If a violation is corrected within 30 days of notification of the violation, then no penalties will be applied. However, if the violation isn’t corrected, a person may face civil penalties. This type of penalty applies to a situation where the person was aware that HIPAA rules were being violated, or should have been aware. Civil penalties for HIPAA violations start at $100 per violation and can rise as high as $25,000 if the person has had multiple violations of the same kind.

Criminal penalties 

Criminal penalties can be extremely expensive and may even involve jail time. The minimum fine for this type of penalty is $50,000, while the maximum penalty is $250,000. In both instances, the individual would have knowingly violated a HIPAA law. If a violation occurs due to negligence, the individual can face up to 1 year in prison. If the individual seeks out sensitive health information under false pretenses, they will face a maximum term of 5 years in prison. Finally, if an individual knowingly violates HIPAA laws with malicious intent, they could face up to 10 years in prison. The bottom line is, the penalties for breaking HIPAA laws are serious. You don’t want your employees or your business in this situation, so it’s crucial that you provide the proper tools and education to avoid it at all costs.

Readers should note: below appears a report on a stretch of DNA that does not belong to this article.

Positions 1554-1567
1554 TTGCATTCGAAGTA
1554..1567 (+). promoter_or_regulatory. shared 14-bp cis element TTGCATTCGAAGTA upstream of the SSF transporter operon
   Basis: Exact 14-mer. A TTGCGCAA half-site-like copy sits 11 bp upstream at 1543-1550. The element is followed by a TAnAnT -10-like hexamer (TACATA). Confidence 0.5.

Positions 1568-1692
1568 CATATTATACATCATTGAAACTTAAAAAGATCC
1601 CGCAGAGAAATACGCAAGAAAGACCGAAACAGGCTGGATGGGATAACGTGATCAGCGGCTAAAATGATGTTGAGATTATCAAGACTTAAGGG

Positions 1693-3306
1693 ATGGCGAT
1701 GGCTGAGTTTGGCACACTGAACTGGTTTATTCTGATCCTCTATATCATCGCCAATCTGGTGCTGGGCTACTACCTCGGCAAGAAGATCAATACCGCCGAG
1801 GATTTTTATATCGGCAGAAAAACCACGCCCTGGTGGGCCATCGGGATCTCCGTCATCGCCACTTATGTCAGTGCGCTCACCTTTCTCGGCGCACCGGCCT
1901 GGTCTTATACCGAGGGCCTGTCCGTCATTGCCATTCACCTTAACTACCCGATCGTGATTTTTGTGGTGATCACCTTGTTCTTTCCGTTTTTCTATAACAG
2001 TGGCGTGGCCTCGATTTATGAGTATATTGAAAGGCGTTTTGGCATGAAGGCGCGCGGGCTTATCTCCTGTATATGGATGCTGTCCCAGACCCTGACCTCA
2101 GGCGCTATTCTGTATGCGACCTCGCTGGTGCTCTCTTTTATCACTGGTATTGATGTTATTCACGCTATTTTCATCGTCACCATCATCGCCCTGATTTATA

Miscellaneous HIPAA questions

Miscellaneous HIPAA questions

We know that HIPAA rules are complex, so we’re exploring some common questions those working under HIPAA might have. 

Is the employee at fault if they break HIPAA rules due to lack of training?

If an employee doesn’t receive proper training and breaks a HIPAA law, the employer is at fault. All employers covered under HIPAA are required to provide training as is necessary for the employee to properly complete their job. You might be worried this could turn into a ‘he said, she said’ situation, but that’s not the case. HIPAA-covered entities are also required to document any and all training that is provided, when it occurred, who attended the training, and what information was discussed and distributed. 

Who is at fault for a violation caused by a computer error?

HIPAA requires covered entities to implement administrative and digital safeguards to prevent errors. Businesses are responsible for creating these protocols and ensuring their employees understand them. If the violation occurs because the company failed to implement proper safeguards, the employer is at fault. However, if the violation is due to operator error or failure to follow said protocols, the employee is at fault.

Invest in HIPAA-compliant software

Meeting HIPAA compliance is part of running a successful healthcare practice. If you’re looking to upgrade your protocols and invest in tools that will improve your compliance, check out our web-based medical billing software. We offer free demos of our system to anyone who’s interested, so you can check out our capabilities at no cost! If you’d like to book a time to chat with a billing expert, contact us ASAP!